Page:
Katie Bagnardi and Stephanie Sixsmith

Katie Bagnardi (left) and Stephanie Sixsmith (right) pose in the Bryce Jordan Center during THON 2019.

Both seniors, Katie Bagnardi and Stephanie Sixsmith met during summer session of their freshman year, with the same leap program and many classes together. And while they did not live together in summer session, they have lived together ever since.

Through both captain committees and greek life, they have been involved with Penn State THON each year, and it was a goal for them to dance since freshman year.

Bagnardi (senior-biobehavioral health) said through dancing independently, she and Sixsmith have been able to see THON “from a whole new perspective.”

“It’s a lot of extra fundraising and planning,” Sixsmith (senior-nursing) said.

Bagnardi said the need for extra fundraising, for them, was just one more way for them to donate their time to the philanthropy.

“So far we haven’t left each other’s side,” Bagnardi said, laughing.

They said that, because they lived together for so long, they are able to tell what the other person needs. That will help them support each other throughout the weekend.

“It’s kind of a culmination of all four years at Penn State,” Bagnardi said. “For every child we’ve impacted, we’re doing this for them.”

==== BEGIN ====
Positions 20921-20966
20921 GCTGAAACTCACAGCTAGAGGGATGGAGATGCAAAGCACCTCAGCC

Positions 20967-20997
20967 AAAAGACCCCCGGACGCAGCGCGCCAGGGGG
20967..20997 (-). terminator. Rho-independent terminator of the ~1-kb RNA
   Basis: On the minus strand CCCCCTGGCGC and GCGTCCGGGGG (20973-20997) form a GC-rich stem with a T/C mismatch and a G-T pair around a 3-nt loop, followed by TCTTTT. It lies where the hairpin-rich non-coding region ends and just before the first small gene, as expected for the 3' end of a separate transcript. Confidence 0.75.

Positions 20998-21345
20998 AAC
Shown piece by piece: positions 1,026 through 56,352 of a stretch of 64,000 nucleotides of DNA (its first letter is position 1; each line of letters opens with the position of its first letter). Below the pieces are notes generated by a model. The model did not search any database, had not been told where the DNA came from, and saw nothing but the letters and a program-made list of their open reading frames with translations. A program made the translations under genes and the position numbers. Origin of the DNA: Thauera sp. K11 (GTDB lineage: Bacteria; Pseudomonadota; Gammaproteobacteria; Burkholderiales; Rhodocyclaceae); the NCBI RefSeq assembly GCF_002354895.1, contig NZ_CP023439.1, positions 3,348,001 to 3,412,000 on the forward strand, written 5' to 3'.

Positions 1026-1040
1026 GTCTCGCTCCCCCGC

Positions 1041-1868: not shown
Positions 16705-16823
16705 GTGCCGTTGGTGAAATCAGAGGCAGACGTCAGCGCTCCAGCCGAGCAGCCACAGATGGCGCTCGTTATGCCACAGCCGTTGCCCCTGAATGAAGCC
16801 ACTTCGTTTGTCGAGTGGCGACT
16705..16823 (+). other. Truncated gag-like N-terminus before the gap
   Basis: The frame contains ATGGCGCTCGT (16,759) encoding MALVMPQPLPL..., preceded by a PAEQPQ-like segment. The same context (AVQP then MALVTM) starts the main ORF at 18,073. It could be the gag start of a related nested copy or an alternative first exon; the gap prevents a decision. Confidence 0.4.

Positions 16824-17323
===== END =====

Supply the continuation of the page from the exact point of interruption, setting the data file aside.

Taylor Evans and Rachel Patel

Taylor Evans (left) and Rachel Patel (right) pose in the Bryce Jordan Center during THON 2019. 

Taylor Evans and Rachel Patel became friends through their sorority Kappa Kappa Gamma their fall semester of freshman year — however, that wasn’t their first time speaking. They found out this year — their senior year — that when they were seniors in high school they messaged each other on Facebook to be roommates, but they ended up finding other people to room with.

“We were really close literally the first day we met each other,” Patel (senior-agribusiness management) said. “We’ve been really close since.”

While they are both in the same sorority, they still decided that they wanted to dance independently.

“I felt like I needed to raise the money myself,” Patel said. “Since I’m dancing for my mom, it was something I really wanted to do.”

Evans (senior-biobehavioral health) said the two always knew they would want to be dancers together, and doing so as seniors is “a really good way to go out.”

“Independent dancing is so rewarding in its own way,” Evans said. “It’s completely different from dancing for an org.”

Evans and Patel are waiting until hour 40 to do massage rollers, ice baths and wear slippers, and are instead relying on each other to keep going, as well as hourly stretches and a “positive mindset.”

Patel said she hopes she and Evans will be able to give the kids they are dancing for joy during some times they may not be smiling.

“We have our own specific people we are dancing for,” Evans said. “But just in general, cancer has affected so many people, and it just means a lot for us to be here dancing for them.”



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